This is the biggest oak in Northern Ireland, one of the largest in Ireland. It is a magnificent towering specimen, large in trunk (25’6”) and branches; even its leaves are especially big.
At least two massive branches have already fallen, one the size of an oak tree in itself. Some timber was sawn but proved almost impossible to burn, it was so dense.
The branches have been lost in spite of attempts to secure the tree over 100 years ago, when great metal bolts were driven through trunk and branches to try to hold it all together: draconian measures which did not succeed.
The oak claims seventeenth century origins because it was said that King William tied his horse to it. Certainly he stayed at his host’s castle, Killymoon, when it was already a sizeable tree.
The tree is in rich soil and a sheltered location, on a steep bank above the lovely Ballinderry River between Cookstown and Stewartstown: the river divides counties Tyrone and Londonderry in this area.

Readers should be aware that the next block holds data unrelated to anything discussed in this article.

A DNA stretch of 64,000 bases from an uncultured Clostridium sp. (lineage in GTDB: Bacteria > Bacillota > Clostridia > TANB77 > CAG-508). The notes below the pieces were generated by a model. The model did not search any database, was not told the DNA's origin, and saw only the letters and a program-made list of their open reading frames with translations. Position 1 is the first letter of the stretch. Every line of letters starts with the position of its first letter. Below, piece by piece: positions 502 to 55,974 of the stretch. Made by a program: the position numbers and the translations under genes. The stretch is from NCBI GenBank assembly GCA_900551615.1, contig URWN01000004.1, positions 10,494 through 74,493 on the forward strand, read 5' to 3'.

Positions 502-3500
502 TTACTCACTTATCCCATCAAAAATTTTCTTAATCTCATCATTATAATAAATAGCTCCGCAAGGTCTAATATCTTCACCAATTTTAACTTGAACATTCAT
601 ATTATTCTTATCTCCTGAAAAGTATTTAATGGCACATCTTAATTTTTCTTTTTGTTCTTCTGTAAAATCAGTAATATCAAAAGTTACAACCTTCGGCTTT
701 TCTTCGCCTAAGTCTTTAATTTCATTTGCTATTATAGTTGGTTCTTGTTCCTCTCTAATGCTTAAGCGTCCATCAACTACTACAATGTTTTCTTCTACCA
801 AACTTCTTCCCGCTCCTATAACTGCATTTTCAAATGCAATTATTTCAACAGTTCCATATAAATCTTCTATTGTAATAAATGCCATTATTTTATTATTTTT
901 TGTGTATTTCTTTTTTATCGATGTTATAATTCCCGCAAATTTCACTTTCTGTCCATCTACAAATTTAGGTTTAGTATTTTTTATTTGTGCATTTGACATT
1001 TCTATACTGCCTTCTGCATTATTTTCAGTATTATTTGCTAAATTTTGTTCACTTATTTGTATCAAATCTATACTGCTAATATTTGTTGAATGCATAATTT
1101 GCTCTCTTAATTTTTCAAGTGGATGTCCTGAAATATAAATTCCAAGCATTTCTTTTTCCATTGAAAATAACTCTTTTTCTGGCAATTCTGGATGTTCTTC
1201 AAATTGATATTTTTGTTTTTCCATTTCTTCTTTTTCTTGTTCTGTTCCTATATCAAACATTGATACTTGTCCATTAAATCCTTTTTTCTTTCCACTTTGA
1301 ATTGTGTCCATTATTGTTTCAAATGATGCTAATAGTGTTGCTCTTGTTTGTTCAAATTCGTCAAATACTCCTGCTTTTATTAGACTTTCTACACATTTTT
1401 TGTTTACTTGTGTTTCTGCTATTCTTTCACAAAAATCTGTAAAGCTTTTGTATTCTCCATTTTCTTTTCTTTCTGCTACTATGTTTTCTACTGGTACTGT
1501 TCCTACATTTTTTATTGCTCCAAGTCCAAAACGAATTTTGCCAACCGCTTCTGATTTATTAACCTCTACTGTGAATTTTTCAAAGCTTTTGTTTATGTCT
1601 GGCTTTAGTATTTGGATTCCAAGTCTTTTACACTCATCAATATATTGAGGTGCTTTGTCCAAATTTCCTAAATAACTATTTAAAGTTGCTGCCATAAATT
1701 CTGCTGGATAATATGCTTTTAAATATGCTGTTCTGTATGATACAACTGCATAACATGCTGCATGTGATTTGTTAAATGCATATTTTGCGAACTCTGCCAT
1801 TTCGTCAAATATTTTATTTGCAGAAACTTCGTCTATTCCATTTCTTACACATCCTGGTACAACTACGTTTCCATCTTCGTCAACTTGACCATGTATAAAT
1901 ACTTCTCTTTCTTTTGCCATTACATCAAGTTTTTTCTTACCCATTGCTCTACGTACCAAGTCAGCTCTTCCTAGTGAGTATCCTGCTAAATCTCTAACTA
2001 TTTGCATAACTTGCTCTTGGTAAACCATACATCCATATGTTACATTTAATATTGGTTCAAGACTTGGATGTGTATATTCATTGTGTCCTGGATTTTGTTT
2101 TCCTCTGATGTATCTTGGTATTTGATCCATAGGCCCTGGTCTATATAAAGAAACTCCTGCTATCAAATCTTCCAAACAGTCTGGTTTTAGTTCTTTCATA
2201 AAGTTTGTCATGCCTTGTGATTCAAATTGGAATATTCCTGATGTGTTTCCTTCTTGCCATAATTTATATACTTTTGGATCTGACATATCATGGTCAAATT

Across the vast walled field are two sweet chestnut trees, the most venerable 20’ 11” around. Cattle nibble it, rub against it, trample around it so that roots are partly exposed. It has a hard time, but it is certainly not giving up.
The Drumin oak is named after the townland – Drumin, Cookstown. It is not accessible, growing within part of the walled demesne of Killymoon castle, and not visible from the road. The chestnuts overhang the ‘red wall’ by the `red bridge’ over the Ballinderry: this wall is another story altogether, built as famine relief work in the 1840’s, part grey stone, part deep red local sandstone, it is a work of art.